It’s been a fragmented week outside of my main coursework on A4. Some good stuff has happened though and I need to document it and have faith that it will form steps in my creative process.
Firstly, as well as this blog I keep a sketchbook of notes and ideas and trials. I need to write a separate blog post about this, but this week realised that I had to find a way of adding my prints to it in such a way that the prints were protected, secure, visible and removable. I ended up with some plastic cd sleeves that attach to a page via a self-adhesive pad on the back. They have flaps that fold over and secure with another self-adhesive patch, which I chose not to use as I don’t want the prints to catch on the sticky when being removed/replaced. As a first step, it’s fine. I want to get some sleeves that are clear plastic front and back as they will be better for work where both sides need to be visible. I can attach those with magictape down one side so that the sleeve is secure and can be turned like a page. The print below is a normal portrait, die-cut into three pieces and then assembled with some pieces upsidedown, so you don’t get the whole picture at once but you do get front and back in one go. You can see that I haven’t pushed out all the tiny windows yet.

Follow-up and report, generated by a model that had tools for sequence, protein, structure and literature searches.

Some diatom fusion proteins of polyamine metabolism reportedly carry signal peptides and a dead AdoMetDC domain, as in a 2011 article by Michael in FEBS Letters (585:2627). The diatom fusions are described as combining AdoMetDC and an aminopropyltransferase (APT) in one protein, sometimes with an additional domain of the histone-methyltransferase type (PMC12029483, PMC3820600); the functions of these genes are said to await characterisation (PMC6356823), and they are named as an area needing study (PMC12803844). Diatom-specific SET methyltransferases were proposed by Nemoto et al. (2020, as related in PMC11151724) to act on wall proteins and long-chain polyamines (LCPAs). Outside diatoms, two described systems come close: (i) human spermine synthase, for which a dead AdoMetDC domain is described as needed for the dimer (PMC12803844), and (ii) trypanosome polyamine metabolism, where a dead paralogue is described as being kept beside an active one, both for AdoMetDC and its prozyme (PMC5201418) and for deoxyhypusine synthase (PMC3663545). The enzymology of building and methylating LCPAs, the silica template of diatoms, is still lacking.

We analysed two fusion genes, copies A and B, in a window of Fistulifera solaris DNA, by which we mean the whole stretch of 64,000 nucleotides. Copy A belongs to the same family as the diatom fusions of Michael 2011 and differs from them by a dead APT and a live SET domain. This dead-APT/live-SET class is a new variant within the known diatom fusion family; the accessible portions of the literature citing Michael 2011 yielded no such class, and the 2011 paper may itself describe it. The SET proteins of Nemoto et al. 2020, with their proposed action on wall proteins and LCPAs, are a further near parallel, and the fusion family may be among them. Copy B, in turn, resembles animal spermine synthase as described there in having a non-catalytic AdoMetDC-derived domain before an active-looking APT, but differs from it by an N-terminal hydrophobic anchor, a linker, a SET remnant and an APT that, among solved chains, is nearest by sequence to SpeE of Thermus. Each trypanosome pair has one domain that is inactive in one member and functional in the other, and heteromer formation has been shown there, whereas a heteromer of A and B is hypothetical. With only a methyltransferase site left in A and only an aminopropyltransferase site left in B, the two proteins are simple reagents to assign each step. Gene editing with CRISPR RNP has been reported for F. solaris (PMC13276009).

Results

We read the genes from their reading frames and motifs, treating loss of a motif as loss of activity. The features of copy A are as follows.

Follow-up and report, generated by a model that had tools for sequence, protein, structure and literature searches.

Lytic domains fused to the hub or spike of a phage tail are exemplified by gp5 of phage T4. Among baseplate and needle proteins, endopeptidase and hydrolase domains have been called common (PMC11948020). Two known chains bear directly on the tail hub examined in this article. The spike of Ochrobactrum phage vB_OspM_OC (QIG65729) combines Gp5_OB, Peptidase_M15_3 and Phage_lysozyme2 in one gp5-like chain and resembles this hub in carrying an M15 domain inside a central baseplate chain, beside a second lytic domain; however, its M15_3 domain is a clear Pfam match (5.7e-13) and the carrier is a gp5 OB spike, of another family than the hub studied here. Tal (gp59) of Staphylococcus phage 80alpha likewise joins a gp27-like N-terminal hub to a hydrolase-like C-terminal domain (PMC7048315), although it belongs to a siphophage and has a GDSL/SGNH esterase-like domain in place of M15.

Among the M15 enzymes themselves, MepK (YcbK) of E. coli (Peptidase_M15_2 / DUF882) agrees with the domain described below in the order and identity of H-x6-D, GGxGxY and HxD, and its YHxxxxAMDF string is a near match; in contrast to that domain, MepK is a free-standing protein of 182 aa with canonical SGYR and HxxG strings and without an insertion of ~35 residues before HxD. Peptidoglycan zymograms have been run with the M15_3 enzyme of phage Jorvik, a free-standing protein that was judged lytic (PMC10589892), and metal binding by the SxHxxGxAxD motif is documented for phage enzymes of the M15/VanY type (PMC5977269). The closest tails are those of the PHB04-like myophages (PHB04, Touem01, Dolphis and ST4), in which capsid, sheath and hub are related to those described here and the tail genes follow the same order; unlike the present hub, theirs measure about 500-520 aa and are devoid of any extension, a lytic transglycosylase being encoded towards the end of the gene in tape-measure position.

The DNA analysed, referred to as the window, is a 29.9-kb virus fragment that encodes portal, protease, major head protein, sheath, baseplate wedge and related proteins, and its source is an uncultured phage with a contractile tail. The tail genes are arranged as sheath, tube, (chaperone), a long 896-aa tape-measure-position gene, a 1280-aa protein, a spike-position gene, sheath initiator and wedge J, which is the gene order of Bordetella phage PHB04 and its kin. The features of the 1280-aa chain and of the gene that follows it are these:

I had posted on the OCA discussion form about my need for acrylic frames that were transparent front and back and that could be bought independently of the print. These would be ideal for showing altered polaroids and prints without running the risk of damaging an already vulnerable object. I had a very helpful reply giving me a link, and a name, for such a frame. I’ve now found a UK supplier and will put a trial order in over the next day or so to see if the sizing fits with my work.
Finally I have done some more work both embossing and die-cutting Polaroid and Instax prints. I have learned that the emulsion in polaroids bleeds white, and that in Instaxes bleeds black. Cured Instax prints have a back that turns a remarkable iridescent gothic plum once passed through the die-cutting machine. Again, a very perspicacious comment on Instagram pointed me to the Claude glasses of the 18th century that allowed painters to apply a “filter” to their landscapes and to paint those landscapes with their backs to them. This fits perfectly with my fascination over fronts and backs. Going back to the Instax prints, they acquire little crystals within the purple too, absolutely beautiful.